For as many eons as there are atoms n those realms, shall gain great merit.
But whoever hears this greatest dedication prayer
Greatly aspires to perfect enlightenment
And even once generates faith
Shall gain ever higher and holier merit.
And what are its benefits?
If the gorgeous and fascinating story was not inspiring enough, the prayer itself lists thirteen other benefits:
Whoever utters this Aspiration to Noble Deeds
Will never again endure lower rebirth,
Will abandon all evil friends,
And soon behold the Buddha of Boundless Light.
They will find that which is sought
And live in happiness,
Find joy also in this life,
And soon become like Samantabhadra himself.
Even though they may have in ignorance
Committed the five irredeemable sins,
They will soon be completely purified
Through uttering this Aspiration to Noble Deeds.
They will achieve perfect wisdom, a radiant countenance,
Ethereal form, auspicious physical marks, and a noble birth.
Profane and devilish beings will not trouble them,
And they will be honored in the three realms.
They will quickly reach the royal tree of enlightenment,
Residing there to benefit beings.
As enlightened Buddhas, they will turn the wheel of Dharma,
Taming the demonic hosts.
The ultimate benefit is also explained:
Whoever knows, teaches, or recites
This Aspiration to Noble Deeds
Shall ultimately attain perfect Buddhahood.
May none despair of complete enlightenment.
As these verses show, the benefit of reciting Samantabhadra’s Aspiration to Noble Deeds is inconceivable and beyond description.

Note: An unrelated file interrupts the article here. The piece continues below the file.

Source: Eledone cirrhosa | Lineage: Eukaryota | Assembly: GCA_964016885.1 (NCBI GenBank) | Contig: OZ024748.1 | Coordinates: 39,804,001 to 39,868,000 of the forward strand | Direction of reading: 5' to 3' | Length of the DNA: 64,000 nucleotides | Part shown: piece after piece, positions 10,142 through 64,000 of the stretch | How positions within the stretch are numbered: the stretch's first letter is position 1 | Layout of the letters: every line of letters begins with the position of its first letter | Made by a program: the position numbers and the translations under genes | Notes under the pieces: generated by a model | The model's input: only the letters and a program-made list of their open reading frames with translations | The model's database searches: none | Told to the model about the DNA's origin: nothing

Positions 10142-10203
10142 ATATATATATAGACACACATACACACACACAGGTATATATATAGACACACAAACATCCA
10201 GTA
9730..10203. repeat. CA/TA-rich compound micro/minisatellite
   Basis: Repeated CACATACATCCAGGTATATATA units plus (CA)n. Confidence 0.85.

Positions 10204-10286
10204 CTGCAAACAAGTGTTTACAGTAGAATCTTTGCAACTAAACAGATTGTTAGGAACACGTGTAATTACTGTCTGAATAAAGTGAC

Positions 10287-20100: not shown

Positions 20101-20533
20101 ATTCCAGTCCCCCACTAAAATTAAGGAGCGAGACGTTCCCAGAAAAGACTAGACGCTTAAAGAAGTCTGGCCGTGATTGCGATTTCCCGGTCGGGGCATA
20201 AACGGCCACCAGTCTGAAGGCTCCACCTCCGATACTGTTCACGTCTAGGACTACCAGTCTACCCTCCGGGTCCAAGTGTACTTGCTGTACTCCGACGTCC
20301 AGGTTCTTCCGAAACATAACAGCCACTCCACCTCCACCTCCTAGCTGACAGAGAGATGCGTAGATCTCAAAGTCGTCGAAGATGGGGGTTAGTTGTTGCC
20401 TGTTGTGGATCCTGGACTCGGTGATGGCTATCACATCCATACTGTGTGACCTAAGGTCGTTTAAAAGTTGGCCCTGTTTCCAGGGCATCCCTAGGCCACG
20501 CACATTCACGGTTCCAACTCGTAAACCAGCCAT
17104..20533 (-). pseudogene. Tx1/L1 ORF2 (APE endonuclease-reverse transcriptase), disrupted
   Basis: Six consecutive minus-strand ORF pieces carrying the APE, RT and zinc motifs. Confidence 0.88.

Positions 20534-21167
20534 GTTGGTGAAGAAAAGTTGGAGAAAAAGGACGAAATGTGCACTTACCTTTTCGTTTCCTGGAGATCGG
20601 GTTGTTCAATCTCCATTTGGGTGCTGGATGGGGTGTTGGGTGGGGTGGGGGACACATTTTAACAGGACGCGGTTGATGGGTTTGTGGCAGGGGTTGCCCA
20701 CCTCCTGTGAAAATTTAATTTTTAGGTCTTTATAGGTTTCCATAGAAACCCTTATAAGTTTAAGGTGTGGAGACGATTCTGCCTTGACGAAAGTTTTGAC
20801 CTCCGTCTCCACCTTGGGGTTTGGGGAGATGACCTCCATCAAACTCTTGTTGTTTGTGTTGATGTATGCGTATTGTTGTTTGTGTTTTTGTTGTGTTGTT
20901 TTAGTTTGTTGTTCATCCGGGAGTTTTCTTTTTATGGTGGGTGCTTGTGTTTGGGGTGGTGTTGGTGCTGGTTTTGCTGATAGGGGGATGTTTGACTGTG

How was such a prayer practiced in Tibet?
Because of this great benefit, many masters in Tibet instituted large prayer gatherings where the Aspiration to Noble Deeds was recited by hundreds or thousands of monks, nuns, and lay people. These prayer, or monlam, festivals were performed by all the major schools of Tibetan Buddhism, and were often held where holy masters of the past had dwelt, taught the Dharma, or passed away, or near temples or other places of great religious significance.
What happened after the Communist invasion?
After the political changes in Tibet in the 1950s, His Holiness the Dalai Lama, His Holiness Sakya Trizin and the leaders of the other Tibetan Buddhist schools worked to reestablish temples, monasteries, nunneries, and colleges outside of Tibet. Under their leadership, the Buddha’s doctrine began to flourish once again in India, and most of the Tibetan traditions were successfully reestablished, including the performance of the monlam festivals.
In reestablishing the prayer festivals, two important considerations were which prayers should be recited, and where to gather from year to year. The prayers to be recited at the Sakya Monlam were determined by His Holiness Sakya Trizin along with other senior Sakyapa lamas and monks who chose 100,000 recitations of the Samantabhadra prayer as the main recitation.
The places to gather are decided in accordance with the advice of Lord Buddha Shakyamuni, who said just before entering mahaparinirvana: